Oh, and don't put much faith in that 71mpg indication. At just 9 miles, that means it is basing it's calculation on about 2 cups of gas. The uncertainty in that value is probably pretty high.

    As I'm sure you've already done, a basic look at the numbers might be:

    30,000mi/yr
    60mi/gal vs 15mi/gal
    $4/gal for gas

    $8000/yr for truck
    $2000/yr for hybrid
    $6000/yr fuel savings
    $1000/yr battery expense
    $5000/yr net savings

    So, even if you aren't paying any interest on the loan, you need four years to recover the cost. How much value will a 5 year old Prius with 150kmi to 180kmi on it have? Maybe a noticeable amount.

    You also have to consider whether your truck could stand up to four years of service with that kind of use.

    And you also need to look at the difference in annual maintenance between the truck and the Prius. I have no idea, but my gut feel is that the maintenance on a new Prius will tend to be noticeably higher than on an older truck. But, then again, does the engine and drivetrain have another 150kmi in them before you have to go through a tranny or something?
     
  13. Brownout

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    More than 97% of the over 2 million Prius' sold are still on the road. The majority are operating with thier original battery.


    http://www.caranddriver.com/reviews/2012-toyota-prius-v-first-drive-review

    http://www.motherearthnews.com/gree...y-replacement-zb0z1205zmat.aspx#axzz2VoWAmB5B

    Also this; since the charge and discharge of hybrid batteries are carefully controlled, battery life is extended even for high usage autos:

    http://www.thetruthaboutcars.com/2013/02/the-truth-about-battery-life/
     
    Last edited: Jun 10, 2013
  14. WBahn

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    And someone that has their Prius parked in their garage because the battery pack needs to be replaced would show up in those statistics as being "still on the road with the original battery pack."
     
  15. Brownout

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    Last I checked, a garage isn't a road.
     
  16. WBahn

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    Ah. I didn't realize that when you checked vehicicle registration data to see which vehicles have been scrrapped that the records included whether a vehicle is in a garage.
     
  17. bountyhunter

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    Ni-MH versus Li-Ion is a big difference:

    The Ni-MH (or Ni-Cd) are a lot heavier then Li. However, Ni batteries really do not wear out from charge/discharge cycling. They fail from other effects like penetration of the internal insulator. You can literally deeply discharge/charge an NI battery thousands of times with no ill effect. Toyota has done a very good job with the NI-MH batteries, I first thought they would be like computers and phones and be dying at three to five years. They are doing much better than that. failures are actually quite rare.

    Li batteries are really more of a "constant energy" device which is to say they really only have so much energy to give in their life span. EV makers are forced to Li because they need to reduce the weight and get the higher energy density. I do know that the expected full use cycles on Li is a few hundred cycles, not thousands. I think owners will be very unhappy with life/cost of the batteries and that may well be the end of all electric vehicles. Time will tell.

    Another point not made:

    all of the battery types are really only "happy" in a very narrow temp range, like about 10C - 30C. Outside of that, care must be taken to slow charge them to prevent them from being damaged. IMHO, EVs will never be viable in climates where it gets too cold. I don't think Green Bay packer fans will ever be driving them.....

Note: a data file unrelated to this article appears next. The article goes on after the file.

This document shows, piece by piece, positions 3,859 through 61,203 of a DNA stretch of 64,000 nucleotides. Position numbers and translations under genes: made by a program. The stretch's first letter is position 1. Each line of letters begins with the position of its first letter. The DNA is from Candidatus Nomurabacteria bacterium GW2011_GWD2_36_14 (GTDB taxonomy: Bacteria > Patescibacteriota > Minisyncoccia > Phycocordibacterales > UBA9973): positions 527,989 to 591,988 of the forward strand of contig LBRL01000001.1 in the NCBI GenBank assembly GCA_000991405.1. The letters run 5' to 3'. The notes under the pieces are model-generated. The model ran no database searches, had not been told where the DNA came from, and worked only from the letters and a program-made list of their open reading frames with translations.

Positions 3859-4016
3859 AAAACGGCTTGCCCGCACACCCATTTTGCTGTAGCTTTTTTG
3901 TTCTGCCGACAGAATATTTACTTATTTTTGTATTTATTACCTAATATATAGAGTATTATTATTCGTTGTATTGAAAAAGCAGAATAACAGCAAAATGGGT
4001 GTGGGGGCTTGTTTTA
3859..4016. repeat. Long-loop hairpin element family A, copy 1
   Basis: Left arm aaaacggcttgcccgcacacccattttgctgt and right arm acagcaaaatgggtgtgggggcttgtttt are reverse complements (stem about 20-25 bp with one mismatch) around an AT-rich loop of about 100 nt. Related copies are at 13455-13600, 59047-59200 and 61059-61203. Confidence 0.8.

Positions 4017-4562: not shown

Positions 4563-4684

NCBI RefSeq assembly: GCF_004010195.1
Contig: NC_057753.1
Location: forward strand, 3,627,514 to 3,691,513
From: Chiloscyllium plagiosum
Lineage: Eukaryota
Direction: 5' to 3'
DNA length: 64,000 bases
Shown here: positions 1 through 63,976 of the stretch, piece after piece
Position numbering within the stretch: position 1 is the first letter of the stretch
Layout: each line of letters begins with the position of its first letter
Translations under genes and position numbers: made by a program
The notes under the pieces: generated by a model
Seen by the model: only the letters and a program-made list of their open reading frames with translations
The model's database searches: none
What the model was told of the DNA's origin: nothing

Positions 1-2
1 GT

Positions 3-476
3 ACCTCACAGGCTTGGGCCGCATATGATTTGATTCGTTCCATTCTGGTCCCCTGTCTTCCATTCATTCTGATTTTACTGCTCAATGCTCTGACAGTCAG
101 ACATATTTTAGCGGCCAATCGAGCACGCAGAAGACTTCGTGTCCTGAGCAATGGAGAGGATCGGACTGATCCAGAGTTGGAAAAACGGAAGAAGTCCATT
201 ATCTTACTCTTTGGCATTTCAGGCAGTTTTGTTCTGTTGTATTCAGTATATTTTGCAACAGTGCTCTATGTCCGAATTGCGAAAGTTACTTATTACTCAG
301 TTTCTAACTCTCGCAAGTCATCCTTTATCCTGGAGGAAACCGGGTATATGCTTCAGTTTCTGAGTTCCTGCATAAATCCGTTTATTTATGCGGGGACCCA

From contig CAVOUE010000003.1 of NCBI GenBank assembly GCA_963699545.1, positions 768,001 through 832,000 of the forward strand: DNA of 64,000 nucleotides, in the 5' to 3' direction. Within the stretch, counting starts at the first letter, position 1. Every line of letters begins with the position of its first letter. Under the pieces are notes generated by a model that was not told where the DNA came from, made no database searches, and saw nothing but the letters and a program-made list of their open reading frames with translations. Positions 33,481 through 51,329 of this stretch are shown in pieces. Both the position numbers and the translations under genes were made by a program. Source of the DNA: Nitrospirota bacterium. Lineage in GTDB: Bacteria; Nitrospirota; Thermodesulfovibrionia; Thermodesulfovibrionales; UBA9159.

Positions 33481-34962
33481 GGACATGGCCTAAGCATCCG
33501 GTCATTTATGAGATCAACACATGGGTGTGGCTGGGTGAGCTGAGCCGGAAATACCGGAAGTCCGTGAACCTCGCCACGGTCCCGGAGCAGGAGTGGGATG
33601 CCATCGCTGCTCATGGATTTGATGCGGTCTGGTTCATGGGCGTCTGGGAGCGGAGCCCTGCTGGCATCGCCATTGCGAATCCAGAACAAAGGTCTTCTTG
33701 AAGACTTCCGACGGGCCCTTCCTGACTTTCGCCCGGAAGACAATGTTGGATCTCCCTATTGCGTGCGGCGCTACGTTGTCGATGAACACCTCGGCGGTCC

Last edited: Jun 10, 2013
  18. Brownout

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    The new batteries will be Lithium-Iron-Phosphate, not Lithium-Cobalt. The chemistry is proven to last thousands of deep discharge cycles (which they won't see in hybrids) and have long life. They are widely used in higher capacity applications.
     
  19. bountyhunter

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    Li-Fe Po4 are better for life cycles (see curve) and less prone to fire but they are NOT being used in either all electric cars or aircraft. They are using Li-Ion to squeeze the weight down. IMHO, that choice was insane and reckless but they didn't consult me.

    I am not sure if new Prius are using Li or which chemistry.

    Tesla is definitely using Li ion.



    Tesla Debacle Highlights Need For New EV Battery Technology

    ////the National Highway Traffic Safety Administration after a Chevy Volt fire at the test facility have sparked doubt and criticism about cars powered by lithium-ion batteries.


    http://www.forbes.com/sites/rossken...ighlights-need-for-new-ev-battery-technology/


    Nope, looks like Toyota is drinking the Li-Ion kool-aid as welll:


     
    Last edited: Jun 11, 2013
  20. THE_RB

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    Sorry I was wrong re battery prices, they have come down a lot since the 2000 era $8-$10k price tag.

    Seems about $3500 or so these days for battery and labour (if you get the dealer buyback of your old battery).


    I just been googling round the Prius forums. Actual fuel savings of $1800 - $2200 per year are common enough, at the higher usage end. Many people might drive a lot less than that.

    Depreciation seesm to be a killer, people complaining that a 3-4 year old Prius is selling for 50% to 52% of its new $40k value.

    So you'd have to weight up saving $8k in fuel over 4 years (if you drive a LOT) vs taking a hit of -$20k lost when you sell.

    At least Strantor made a smart choice and bought his Prius second hand, so getting it at half price means that someone else lost that $20k.

    To Strantor; I'd keep a log book from day one, writing down gallons of fuel put in the tank vs miles on the odometer each time you fill. Your real world MPG will be very easy to average after a few fill ups. As will your expected total yearly miles, allowing you to calc fuel savings per year.